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The magic of milk-based components

corresponding

STACEY J. BELL*, SUVASH KAFLEY
*Corresponding author
Milk Specialties Global, 7500 Flying Cloud Drive, Suite 500, Eden Prairie, MN 55344, USA

Abstract

Milk is a necessary part of a healthy diet. It contains unique nutrients such as high-biological value proteins like casein and whey, as well as bioactive compounds. Many of the beneficial nutrients found in milk can be extracted as functional ingredients and used in making as functional foods. Herein is a review of selected functional ingredients from milk including those from: proteins like whey protein, alphalactalbumin, and lactopeptides; carbohydrates like the prebiotic, galactooligosaccharide; and from fat like trans-palmitolic acid and phospholipids. Colostrum is reviewed as well. These functional ingredients were selected for review, because they represent compounds that a typical dairy processing plant would extract and offer. Selected human studies on these bovine functional ingredients are reviewed. Many people prefer to use functional ingredients in functional foods, rather than drinking milk. Based on the literature review is it possible to use efficacious amounts of functional ingredients from milk to target specific conditions. Herein is a review of the biological actions of these functional ingredients, and how they can be incorporated into functional foods.


CONFLICT OF INTEREST: Dr. Bell serves as a consultant to Milk Specialties Global, Eden Prairie, Minnesota, a manufacturer of bioactive compounds from dairy products. Mr. Kafley is a full-time employee there.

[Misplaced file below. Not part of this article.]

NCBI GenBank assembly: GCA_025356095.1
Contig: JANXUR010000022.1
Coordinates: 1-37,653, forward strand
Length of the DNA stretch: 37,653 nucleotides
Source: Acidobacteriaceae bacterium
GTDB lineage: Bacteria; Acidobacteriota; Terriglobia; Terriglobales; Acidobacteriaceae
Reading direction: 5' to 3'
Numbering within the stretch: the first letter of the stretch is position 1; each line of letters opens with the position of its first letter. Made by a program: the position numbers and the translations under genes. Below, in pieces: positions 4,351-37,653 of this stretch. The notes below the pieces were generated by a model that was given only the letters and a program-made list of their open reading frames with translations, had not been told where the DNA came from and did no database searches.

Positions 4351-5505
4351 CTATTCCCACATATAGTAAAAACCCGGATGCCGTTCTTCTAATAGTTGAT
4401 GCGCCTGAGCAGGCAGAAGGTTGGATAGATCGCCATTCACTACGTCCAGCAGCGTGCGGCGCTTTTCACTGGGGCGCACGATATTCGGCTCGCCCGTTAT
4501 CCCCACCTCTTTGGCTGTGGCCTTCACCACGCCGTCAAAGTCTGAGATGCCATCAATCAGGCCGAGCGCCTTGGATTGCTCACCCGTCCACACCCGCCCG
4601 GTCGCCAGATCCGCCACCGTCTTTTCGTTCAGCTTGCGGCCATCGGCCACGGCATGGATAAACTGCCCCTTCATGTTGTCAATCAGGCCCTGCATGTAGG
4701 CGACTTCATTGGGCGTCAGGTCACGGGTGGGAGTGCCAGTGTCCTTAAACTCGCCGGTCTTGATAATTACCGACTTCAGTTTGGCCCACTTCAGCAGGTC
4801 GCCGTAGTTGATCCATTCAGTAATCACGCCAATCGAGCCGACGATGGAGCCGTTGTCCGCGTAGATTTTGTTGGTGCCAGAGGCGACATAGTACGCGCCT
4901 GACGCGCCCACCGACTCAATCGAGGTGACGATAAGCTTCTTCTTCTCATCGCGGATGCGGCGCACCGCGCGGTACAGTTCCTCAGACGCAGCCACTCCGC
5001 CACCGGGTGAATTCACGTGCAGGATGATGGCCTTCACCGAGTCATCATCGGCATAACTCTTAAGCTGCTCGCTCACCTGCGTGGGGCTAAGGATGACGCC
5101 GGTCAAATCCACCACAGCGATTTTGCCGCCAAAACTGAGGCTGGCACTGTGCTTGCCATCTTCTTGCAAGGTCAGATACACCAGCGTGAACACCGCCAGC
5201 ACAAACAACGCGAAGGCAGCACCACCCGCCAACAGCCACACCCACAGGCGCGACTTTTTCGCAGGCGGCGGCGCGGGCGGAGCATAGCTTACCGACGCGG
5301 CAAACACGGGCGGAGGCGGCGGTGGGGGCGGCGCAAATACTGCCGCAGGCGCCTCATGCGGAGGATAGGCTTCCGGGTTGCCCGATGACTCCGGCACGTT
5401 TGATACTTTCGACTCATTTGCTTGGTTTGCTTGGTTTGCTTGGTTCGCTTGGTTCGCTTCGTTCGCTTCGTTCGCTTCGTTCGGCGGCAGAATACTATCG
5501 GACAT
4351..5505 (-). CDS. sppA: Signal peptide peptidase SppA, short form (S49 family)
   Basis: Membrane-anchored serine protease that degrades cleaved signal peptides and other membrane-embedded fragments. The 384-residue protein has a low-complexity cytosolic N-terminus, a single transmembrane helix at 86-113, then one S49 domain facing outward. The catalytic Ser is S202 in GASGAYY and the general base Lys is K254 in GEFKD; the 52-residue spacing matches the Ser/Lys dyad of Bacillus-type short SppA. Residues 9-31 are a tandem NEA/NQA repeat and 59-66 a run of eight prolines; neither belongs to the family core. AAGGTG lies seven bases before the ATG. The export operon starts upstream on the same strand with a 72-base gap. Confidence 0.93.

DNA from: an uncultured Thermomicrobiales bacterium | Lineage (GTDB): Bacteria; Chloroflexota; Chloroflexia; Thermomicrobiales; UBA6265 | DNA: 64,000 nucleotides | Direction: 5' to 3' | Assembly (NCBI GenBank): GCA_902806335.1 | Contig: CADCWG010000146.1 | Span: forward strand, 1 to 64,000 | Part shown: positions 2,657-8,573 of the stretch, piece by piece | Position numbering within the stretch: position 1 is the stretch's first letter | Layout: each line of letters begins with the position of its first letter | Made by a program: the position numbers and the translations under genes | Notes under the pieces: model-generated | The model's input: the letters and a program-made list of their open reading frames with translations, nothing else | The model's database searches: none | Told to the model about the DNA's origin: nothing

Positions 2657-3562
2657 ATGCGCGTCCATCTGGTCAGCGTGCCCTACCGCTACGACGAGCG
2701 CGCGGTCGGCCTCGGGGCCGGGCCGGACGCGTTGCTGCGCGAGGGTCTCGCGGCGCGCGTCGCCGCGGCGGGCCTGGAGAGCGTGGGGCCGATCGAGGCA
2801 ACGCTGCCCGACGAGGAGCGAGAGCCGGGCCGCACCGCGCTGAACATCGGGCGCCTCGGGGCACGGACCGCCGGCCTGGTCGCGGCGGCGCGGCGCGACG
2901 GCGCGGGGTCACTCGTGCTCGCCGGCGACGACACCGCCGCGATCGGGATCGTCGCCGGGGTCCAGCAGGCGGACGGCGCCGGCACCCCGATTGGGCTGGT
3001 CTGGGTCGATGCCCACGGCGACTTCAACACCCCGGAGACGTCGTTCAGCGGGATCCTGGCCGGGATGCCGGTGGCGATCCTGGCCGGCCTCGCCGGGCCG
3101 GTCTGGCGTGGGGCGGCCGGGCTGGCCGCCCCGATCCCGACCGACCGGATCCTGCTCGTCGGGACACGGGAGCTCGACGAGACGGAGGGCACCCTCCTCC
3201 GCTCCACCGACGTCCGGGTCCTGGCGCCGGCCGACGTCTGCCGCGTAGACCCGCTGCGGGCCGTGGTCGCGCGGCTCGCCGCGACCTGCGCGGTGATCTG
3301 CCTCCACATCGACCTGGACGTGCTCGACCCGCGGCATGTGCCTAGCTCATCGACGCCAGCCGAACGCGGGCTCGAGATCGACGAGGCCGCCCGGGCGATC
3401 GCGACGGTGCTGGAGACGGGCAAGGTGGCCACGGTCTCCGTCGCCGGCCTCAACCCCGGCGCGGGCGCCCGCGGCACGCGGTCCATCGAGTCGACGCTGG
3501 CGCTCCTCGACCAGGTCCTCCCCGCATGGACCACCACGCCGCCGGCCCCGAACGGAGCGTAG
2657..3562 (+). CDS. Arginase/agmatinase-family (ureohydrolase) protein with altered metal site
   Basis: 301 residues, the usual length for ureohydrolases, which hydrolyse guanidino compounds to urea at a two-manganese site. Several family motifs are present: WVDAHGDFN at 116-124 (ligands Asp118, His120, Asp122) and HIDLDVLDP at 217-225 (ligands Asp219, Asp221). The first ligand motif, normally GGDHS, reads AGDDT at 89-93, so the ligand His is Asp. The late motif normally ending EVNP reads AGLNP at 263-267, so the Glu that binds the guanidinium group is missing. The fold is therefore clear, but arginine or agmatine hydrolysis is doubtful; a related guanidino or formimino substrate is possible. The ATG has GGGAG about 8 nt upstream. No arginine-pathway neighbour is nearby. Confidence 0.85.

INTRODUCTION
The demand for functional foods containing bioactive, functional ingredients is increasing. Many people prefer to consume a functional food targeted for a specific condition, like to enhance exercise or manage diabetes, than to consume conventional foods. One good example of popular functional ingredients are those derived from fluid milk. Dairy products are recommended for healthy people, but paradoxically fluid milk consumption has been declining over the past half century (1). Thus, opportunities exist to create functional foods using the bioactive ingredients from milk to offer unique benefits. For example, milk contains functional ingredients such as high-quality whey protein, which enhances satiety, and attenuates oxidative stress and inflammation; these often accompany obesity and other chronic disease of aging like type 2 diabetes and cardiovascular disease (CVD) (2-4). In additio ...




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